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By Tria Andrews
Maybe to you crime will always be black and white. Maybe because you’ve worked hard and have something to show for that work. Maybe because you’ve never gone hungry or, worse yet, known your brother, sister, child was hungry, and you could not provide. Maybe you’ve never drank or used to escape the gaze of a woman that, whether averted or fixed, reminds you of a failure that is and is not your own. Maybe it never occurred to you that some suspects are suspect before they have committed a crime. Maybe you set bait so you don’t have to acknowledge that the suspects who are suspect are already caught. Caught in a system of surveillance of wide-eyed White men watching without understanding. Sometimes the suspect pulls the car over real easy without saying, Oh shit! Because from previous experience, the suspect often suspects that he will be caught. Sometimes the suspect resists—which maybe for you, makes for better entertainment—so an orgy of officers gripping their cocked guns yells, On the ground! Get on the ground! While one pig, panting hard, mounts the suspect, just to prove everything that they already knew, and everything we always knew they didn’t.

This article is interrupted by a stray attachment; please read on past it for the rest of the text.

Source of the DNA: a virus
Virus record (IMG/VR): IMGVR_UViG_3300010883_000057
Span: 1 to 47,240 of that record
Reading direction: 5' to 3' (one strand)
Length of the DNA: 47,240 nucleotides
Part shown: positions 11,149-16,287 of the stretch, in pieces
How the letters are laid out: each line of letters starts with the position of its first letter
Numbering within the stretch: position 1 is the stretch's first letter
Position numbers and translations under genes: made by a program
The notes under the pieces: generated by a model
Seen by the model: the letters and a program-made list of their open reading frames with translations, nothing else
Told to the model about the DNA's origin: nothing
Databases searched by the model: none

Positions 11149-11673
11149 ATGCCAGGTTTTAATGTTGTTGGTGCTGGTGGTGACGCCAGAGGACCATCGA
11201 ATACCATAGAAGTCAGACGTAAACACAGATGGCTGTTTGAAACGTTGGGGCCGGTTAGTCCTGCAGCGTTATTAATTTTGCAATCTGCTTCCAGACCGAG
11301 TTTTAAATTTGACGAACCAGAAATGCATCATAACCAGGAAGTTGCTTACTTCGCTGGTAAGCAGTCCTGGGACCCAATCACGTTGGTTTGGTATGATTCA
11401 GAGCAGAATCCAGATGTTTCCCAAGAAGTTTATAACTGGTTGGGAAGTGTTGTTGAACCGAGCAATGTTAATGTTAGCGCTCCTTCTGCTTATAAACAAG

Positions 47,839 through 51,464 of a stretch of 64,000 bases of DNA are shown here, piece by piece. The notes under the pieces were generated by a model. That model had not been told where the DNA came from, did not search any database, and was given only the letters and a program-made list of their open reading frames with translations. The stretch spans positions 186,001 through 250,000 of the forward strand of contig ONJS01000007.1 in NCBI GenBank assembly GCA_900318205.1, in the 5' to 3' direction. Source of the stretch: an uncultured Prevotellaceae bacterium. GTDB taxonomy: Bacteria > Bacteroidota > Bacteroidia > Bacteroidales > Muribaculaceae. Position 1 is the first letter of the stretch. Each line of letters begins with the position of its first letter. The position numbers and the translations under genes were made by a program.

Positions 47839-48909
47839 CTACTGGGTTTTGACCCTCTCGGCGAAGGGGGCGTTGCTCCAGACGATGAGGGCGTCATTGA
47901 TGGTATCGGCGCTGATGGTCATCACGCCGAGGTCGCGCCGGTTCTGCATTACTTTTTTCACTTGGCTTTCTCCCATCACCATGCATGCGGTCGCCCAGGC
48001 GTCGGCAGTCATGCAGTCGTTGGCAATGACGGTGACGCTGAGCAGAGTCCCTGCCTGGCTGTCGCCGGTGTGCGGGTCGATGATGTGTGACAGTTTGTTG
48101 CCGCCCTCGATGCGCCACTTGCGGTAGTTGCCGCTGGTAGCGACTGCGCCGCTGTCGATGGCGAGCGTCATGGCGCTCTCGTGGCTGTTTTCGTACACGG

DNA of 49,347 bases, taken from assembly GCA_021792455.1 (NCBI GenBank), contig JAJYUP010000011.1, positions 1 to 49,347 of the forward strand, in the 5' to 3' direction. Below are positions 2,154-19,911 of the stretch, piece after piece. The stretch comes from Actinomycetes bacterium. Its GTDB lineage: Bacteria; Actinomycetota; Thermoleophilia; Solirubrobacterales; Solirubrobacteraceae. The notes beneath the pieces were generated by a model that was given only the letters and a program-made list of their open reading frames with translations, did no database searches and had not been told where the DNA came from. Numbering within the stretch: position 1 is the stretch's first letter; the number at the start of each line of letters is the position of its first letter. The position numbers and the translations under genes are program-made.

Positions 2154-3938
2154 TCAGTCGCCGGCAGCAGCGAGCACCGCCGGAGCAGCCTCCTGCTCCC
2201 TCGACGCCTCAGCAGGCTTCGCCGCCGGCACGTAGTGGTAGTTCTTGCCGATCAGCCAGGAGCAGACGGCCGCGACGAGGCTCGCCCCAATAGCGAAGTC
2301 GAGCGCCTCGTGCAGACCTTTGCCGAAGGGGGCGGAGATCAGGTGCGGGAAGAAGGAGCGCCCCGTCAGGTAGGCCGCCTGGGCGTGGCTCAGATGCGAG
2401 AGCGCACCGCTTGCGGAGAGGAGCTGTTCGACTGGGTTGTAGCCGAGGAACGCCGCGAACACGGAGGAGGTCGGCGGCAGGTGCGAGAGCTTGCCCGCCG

Tria Andrews is Cherokee, Irish, and Filipina and a third year PhD student in Ethnic Studies at the University of California, Berkeley, where she has taught Native American and Asian American Studies. She is also a Ford Foundation Predoctoral Fellow and Fulbright Scholar. Her research examines culturally relevant forms of rehabilitation for Native American youth in juvenile detention centers located on tribal grounds. This work is informed by over five years of tutoring and teaching yoga to incarcerated adolescents.